Well let's begin a discussion on the benefits and drawback of this strategy. I pretty much know what they are but it should make for a very interesting thread.
  2. would be the skew. since typical skew of equities is stepped up on the put side, you are buying low vol, selling high vol sorta like buying a $1 bet for 90 cents. Ditto on the put bear spread. Biggest issue is when the underlying vacciallates around the short strike. You are going to go crazy managing the gamma if you intend to do it delta flat. But if you want directional exposure , should;nt be too big a problem since you are resigned to 1 of 3 outcome and not adjusting deltas. Have done it a whle ago but on fences, in commodities. Nice skew!
  3. Mav,

    Very viable strategy. I'll be following this thread with interest.

    To get the discussion moving, I was wondering whether you've settled on any criteria re (1) minimum reward:risk ratios for entering your credits; (2) stop-loss rules (i.e. you will buy back a spread once a technical S/R level has been breached, thereby negating the thesis for the trade, or the spread has widened to 2x the original credit); or (3) how the greeks play into your approach (i.e. you will only do these on stocks with some minimum relative IV percentile ranking).

  4. Maverick74


    Well, I would choose my picks more based on the underlying then on the option prices unless the prices were really bad or the skew is too flat. No stop loss rules, I would hold these until they either expire worthless or reach their max loss which would be 5 pts minus the credit. I figure most of these can be put on for 2 1/2 to 3 pts. I will ignore the greek as well. This is why I want to do a large number of these. I will not trade around them. Vol will not play any role since vega will be small to nil. I will make sure the skew is at least normal ie making sure I am not selling low vol and buying high vol. This strategy will really focus on stock selection. Of course you don't need to do 100 of these. But as many as possible.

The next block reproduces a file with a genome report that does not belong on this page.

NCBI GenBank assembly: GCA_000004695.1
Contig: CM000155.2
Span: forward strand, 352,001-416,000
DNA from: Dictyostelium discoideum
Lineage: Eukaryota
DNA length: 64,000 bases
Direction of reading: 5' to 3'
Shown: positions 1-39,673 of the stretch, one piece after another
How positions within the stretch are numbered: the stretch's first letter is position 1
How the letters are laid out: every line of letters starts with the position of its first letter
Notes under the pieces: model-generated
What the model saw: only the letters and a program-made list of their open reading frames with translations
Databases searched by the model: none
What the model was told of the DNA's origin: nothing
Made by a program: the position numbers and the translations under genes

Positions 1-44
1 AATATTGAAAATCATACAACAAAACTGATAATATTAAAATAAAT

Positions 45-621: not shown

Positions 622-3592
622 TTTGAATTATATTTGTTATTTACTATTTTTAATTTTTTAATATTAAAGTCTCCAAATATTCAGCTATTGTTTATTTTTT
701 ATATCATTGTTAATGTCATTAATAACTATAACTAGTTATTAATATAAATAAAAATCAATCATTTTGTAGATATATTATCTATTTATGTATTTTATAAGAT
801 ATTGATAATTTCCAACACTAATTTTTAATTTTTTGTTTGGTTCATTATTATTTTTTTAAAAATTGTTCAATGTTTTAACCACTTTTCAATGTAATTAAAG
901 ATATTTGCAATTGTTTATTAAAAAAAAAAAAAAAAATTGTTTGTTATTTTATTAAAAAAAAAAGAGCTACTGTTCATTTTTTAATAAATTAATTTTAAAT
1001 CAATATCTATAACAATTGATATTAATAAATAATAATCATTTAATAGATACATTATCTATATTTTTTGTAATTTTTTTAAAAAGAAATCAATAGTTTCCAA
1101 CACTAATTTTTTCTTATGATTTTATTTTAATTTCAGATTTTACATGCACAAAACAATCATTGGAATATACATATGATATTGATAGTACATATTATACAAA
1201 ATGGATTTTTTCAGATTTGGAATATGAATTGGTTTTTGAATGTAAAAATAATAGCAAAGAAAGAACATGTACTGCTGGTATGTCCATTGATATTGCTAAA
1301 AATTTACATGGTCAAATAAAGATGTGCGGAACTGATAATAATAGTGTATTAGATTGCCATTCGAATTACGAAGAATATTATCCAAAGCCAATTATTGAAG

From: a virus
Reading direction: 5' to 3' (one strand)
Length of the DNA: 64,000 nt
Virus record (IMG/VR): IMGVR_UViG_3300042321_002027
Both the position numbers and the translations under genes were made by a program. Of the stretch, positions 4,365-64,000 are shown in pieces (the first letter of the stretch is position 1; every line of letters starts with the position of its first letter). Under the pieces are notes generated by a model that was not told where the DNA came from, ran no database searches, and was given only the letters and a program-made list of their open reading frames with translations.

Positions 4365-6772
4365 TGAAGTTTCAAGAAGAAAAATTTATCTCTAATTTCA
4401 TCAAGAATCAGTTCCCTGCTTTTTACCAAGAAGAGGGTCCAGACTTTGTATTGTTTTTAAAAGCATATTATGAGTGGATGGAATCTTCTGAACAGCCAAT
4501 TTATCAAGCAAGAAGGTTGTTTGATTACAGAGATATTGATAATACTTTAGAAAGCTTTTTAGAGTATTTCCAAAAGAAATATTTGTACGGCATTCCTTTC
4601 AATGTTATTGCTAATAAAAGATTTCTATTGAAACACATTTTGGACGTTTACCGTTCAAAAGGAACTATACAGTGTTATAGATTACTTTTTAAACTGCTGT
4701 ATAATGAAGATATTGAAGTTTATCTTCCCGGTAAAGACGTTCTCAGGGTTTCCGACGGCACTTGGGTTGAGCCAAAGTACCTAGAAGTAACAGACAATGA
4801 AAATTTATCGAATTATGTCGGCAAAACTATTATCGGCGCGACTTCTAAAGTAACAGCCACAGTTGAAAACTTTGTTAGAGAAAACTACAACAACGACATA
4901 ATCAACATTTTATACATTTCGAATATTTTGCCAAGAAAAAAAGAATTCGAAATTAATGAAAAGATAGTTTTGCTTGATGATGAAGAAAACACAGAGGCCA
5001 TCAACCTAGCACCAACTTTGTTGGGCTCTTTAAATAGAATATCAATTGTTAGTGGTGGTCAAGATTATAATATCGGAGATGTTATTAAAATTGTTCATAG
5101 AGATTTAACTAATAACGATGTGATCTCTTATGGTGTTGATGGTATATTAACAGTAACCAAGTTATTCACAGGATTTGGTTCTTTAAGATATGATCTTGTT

5. First let me thank you for these PBS style of posts recently on the options thread, really jars the gray matter for me, anyway, and I think you were too silent for too long given your knowledge of the subject.

    As to your stock selection may I suggest a scan of stocks that that have been coiling at a stochastic(15,5) fast and slow above 90 for 3/4 days for your bear put spreads and a reading of below 10 for 3/4 days for your bull call spreads.

    "Round up the usual suspects" Louie
  6. Mav,

    Why such a diversified number of verticals? Why 100 instead of say 20?

    PEACE and good-specul8tion...
  7. Maverick74


    No reason really, I just want to spread out enough spreads to keep the risk low. If you are particulary good at picking stocks at support and resistance levels then you certainly could do a lot fewer. Also, the more you do, the more premium you take in. I would rather do 100 spreads for a one lot then 10 spreads with 10 lots. Of course you need to be able to find that many.
  8. How many contracts do you want to see trading in an option contract for it to be considered viable?

    And would any of you do this strategy before earnings or news? Putting on a bunch of vertical spreads on pumped up implied volatility?
  9. Maverick74


    I don't care. As long as I can get a 2 to 3 pt credit I don't care. No, I would not do it before earnings or news. Because then support and resistance levels don't mean squat.
  10. Mav,

    Forgive my ignorance (you know I don't know much about option strategies yet), but what are we looking for here with the underlyings?

    Do we want strong trending stocks that are pulling back to s/r and hopefully going to resume their trends?


    Do we want markets that are relatively range bound and only looking to stay locked above/below critical s/r?

    PEACE and good-specul8tion...

    PS, me and your boy are in the room if you want to stopp by...
    #10     Nov 23, 2003